The Pakistan government released eight Afghan Taliban prisoners Monday with hopes of invigorating the peace process in Afghanistan, where NATO troops are scheduled to pull out at the end of 2014. However, the Taliban field commanders are not too optimistic if the release will push forward the peace process as they observe that the freed prisoners cease to wield power anymore.
"Once you have been in prison you can't operate inside our network. You don't have the same status," a Taliban commander told Reuters.
Most media reports have identified four of the released prisoners as former Taliban justice minister Mullah Nuroddin Turabi, former Taliban communications minister Mullah Allahdad, ex-governor of Helmand province Mullah Abdul Bari and former Taliban guard Muhammad Azeem.
A statement released late Monday by the Pakistan Foreign Ministry spokesman Moazzam Ahmad Khan identified two other released prisoners as Mullah Daud Jan, ex-governor in Kabul, and Mir Ahmed Gul, an ex-governor, the AFP has reported.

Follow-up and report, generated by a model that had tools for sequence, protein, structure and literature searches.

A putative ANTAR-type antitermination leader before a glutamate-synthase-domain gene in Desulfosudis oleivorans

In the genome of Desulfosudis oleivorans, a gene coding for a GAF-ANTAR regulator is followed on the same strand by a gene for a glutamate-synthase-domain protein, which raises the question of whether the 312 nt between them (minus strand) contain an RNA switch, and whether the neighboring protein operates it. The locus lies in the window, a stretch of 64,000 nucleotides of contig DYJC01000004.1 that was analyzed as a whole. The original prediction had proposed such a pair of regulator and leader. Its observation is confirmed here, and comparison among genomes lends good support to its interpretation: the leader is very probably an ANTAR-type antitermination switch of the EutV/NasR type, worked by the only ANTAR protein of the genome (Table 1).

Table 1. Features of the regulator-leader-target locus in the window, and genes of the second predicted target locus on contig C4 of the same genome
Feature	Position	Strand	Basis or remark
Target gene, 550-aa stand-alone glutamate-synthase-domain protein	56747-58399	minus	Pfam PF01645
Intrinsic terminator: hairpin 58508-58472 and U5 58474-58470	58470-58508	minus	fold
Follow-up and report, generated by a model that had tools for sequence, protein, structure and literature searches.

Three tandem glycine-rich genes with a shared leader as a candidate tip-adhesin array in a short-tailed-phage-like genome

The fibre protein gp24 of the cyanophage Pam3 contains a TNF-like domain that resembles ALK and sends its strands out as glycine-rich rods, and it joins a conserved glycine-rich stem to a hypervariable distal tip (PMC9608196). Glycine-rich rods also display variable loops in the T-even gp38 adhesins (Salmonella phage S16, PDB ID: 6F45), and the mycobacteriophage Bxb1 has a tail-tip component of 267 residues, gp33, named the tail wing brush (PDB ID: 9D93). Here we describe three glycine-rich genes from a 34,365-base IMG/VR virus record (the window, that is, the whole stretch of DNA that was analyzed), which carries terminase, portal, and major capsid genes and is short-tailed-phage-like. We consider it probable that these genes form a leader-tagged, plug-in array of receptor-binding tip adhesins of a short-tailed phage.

Apparently, officials are hoping that the release of Mullah Turabi will encourage field Taliban commanders to lay down their weapons and facilitate greater understanding of the Taliban senior leadership, according to the BBC.
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Mullah Turabi, who was imprisoned for seven years, is said to be in poor health.
Though Pakistan has been accused of backing insurgents in the past, recent remarks by Afghan officials point to the optimism that Islamabad is genuine in supporting its peace process.
The release of prisoners is viewed as a reflection of Islamabad's commitment to backing peace efforts in Afghanistan as the latter had been urging Pakistan to free the Taliban members to promote reconciliation and bring stability to the nation ahead of the NATO troop’s pullout.
Commenting on the release, a senior Afghan official said the proximity of the released prisoners to Taliban's reclusive leader Mullah Mohammad Omar was likely to boost the reconciliation efforts.
Charges against the released prisoners are not clear and Pakistan has reportedly freed several mid-level Taliban members in the recent weeks.
Islamabad has agreed to release the prisoners to help bring an end to an eleven-year conflict between the Taliban and the Afghan government. And support from Pakistan, which backed the 1996-2001 Taliban regime in Kabul, is considered crucial to peace in Afghanistan.
The release also has to be viewed from the perspective where the Taliban, who have been waging an insurgency since 2001, refuse to negotiate directly with Afghanistan President Hamid Karzai.